If we were called upon to characterize the Egyptian religion in a few words, we should call it, both as a system and as a cult, an almost monarchical polytheism in a theocratic form. The Egyptian polytheism was not purely monarchical, for there were several divine monarchies; and only by the somewhat arbitrary doctrine that all the chief gods were in reality the same under different names, could the semblance of monarchy be maintained. But this religion was undoubtedly theocratic in the strictest sense of the word. The divinity himself reigned through his son, the absolute king, his incarnation and representative on earth. The priesthood of Amon, strengthened by its victory over the heretic, and by the measureless wealth which the munificence of successful conquerors poured into its lap, had attained the most tremendous power in the state; and when, after a long time, its members had reduced the king to weak tools in their hands, and succeeded at last in usurping the throne itself, the theocracy was altered in form only, but not in its essence. The place of the king highpriest was taken by the highpriest-king. But even this change was of short duration. Against another power no less favored by the kings of the new empire, the power of the army (composed for the greater part of hired foreign troops), the priestly princes proved unable to keep their ground. They had to leave the country, and in Ethiopia they founded a new sacerdotal kingdom. Still the rule of the kings, who sprang from this military revolution, was purely theocratic.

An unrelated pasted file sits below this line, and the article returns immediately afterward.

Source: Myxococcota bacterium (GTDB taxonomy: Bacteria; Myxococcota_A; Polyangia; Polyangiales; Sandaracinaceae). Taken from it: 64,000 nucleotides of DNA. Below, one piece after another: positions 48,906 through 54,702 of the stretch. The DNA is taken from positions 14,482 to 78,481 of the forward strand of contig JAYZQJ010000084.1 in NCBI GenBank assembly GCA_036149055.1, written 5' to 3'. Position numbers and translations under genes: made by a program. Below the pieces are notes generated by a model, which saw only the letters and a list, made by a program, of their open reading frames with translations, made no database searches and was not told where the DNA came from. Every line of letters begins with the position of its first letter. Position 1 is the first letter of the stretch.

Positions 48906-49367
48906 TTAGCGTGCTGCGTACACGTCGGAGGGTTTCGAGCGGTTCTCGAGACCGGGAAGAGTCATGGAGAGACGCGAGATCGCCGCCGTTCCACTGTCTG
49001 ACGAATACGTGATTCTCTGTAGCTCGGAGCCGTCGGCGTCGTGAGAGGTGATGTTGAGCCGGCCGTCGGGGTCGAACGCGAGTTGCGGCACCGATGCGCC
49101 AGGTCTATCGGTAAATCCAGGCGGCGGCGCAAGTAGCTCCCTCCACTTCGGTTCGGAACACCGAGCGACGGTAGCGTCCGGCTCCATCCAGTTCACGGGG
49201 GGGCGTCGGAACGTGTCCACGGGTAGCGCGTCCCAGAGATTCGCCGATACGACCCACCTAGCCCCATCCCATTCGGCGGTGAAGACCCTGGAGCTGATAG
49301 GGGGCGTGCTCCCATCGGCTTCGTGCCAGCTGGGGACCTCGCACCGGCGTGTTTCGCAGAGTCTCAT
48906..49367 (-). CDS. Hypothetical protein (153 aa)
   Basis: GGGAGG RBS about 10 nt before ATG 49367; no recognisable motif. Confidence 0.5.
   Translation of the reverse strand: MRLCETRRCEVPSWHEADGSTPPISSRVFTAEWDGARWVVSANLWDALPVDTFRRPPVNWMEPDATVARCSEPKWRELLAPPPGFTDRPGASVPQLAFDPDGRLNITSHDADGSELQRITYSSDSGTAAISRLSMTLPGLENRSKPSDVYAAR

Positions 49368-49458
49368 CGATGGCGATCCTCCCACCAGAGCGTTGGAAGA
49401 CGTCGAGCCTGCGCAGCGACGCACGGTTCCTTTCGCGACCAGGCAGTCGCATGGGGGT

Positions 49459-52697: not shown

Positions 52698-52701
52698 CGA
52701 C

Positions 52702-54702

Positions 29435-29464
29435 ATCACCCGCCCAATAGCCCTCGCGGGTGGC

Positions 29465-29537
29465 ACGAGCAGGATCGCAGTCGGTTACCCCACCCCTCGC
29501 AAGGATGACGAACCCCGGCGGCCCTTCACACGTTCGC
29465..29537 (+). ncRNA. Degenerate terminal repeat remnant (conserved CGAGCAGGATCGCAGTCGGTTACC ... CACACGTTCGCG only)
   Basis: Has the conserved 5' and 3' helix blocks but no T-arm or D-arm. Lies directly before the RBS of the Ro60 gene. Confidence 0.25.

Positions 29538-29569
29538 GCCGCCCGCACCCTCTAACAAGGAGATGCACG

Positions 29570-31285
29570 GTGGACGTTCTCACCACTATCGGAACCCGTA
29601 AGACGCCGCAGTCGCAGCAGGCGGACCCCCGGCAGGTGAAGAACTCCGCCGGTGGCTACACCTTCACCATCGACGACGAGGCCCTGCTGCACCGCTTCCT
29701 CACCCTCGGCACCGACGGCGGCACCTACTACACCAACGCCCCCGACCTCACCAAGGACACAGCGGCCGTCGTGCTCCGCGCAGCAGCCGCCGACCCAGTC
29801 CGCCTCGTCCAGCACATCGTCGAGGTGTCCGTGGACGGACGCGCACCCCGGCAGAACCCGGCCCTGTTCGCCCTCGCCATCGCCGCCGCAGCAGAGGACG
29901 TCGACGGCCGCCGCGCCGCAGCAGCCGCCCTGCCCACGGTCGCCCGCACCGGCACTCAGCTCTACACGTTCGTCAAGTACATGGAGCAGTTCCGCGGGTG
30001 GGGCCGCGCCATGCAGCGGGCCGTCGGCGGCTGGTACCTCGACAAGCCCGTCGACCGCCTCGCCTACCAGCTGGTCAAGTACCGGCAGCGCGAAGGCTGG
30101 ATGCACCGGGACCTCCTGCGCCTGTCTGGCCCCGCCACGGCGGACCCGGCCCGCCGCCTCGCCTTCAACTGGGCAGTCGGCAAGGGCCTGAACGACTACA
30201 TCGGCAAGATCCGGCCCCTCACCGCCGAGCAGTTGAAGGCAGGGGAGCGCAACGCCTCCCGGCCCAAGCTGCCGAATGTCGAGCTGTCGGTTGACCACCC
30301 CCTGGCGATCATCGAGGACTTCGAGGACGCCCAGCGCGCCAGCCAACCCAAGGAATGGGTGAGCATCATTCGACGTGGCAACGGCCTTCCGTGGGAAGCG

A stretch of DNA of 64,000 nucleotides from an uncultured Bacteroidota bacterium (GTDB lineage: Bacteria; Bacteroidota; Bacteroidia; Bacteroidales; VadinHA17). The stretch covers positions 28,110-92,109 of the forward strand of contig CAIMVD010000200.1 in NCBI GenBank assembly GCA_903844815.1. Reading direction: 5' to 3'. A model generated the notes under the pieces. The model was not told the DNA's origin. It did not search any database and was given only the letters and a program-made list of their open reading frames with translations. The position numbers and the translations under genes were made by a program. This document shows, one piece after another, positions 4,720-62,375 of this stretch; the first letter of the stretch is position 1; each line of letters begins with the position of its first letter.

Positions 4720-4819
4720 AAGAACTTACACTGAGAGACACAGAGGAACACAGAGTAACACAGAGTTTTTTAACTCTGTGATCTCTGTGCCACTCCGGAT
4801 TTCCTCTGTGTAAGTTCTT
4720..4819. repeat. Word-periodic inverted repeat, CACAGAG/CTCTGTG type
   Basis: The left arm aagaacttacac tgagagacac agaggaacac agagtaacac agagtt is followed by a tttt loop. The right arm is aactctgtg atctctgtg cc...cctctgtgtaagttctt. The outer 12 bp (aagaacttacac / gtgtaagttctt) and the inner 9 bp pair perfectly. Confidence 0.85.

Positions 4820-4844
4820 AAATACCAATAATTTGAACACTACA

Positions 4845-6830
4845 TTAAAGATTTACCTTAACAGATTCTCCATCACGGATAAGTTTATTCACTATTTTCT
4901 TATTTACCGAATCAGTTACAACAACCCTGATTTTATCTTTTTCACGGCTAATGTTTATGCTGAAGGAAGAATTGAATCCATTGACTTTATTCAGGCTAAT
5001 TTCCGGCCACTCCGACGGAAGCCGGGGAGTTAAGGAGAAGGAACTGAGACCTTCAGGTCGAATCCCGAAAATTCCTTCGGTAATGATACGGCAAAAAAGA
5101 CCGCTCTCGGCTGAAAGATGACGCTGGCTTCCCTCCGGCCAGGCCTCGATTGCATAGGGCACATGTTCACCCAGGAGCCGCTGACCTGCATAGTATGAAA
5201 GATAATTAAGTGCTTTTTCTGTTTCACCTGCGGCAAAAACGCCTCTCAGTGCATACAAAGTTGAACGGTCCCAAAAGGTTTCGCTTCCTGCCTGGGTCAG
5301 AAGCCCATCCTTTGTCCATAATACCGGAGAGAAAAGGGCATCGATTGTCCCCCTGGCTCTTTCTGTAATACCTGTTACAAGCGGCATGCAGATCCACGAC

But this only characterizes the form of the Egyptian religion. If we search for the leading thought, contained in all its myths and symbols, and in all its institutions and ceremonies, it may best be comprised in the word “life.” The sign of life (ankh) is the holiest and the most commonly used of all the symbols. The gods bear it in their hands, hold it to the lips of their worshippers, and pour it out in streams over the heads of their favorites. For they actually give life, now by the light which they continually cause to triumph over the powers of darkness, again by the regular recurrence of the fructifying waters, or by mysterious operations in the centre of the earth. And hence they set such store on the possession of the lawful king. He, the son of the sun, was the living pledge that these blessings should not cease. His coronation was an agricultural festival, the beginning of the harvest; his greatest care was to spread the waters of the Nile through canals as far as possible over the fields. From this arose also their great fear of death and eternal darkness, and the efforts and sacrifices which they made to secure an eternal existence, either in the fertile land of Osiris, or as a follower of the god of light, and, as it is put, “to obtain the crown of life.”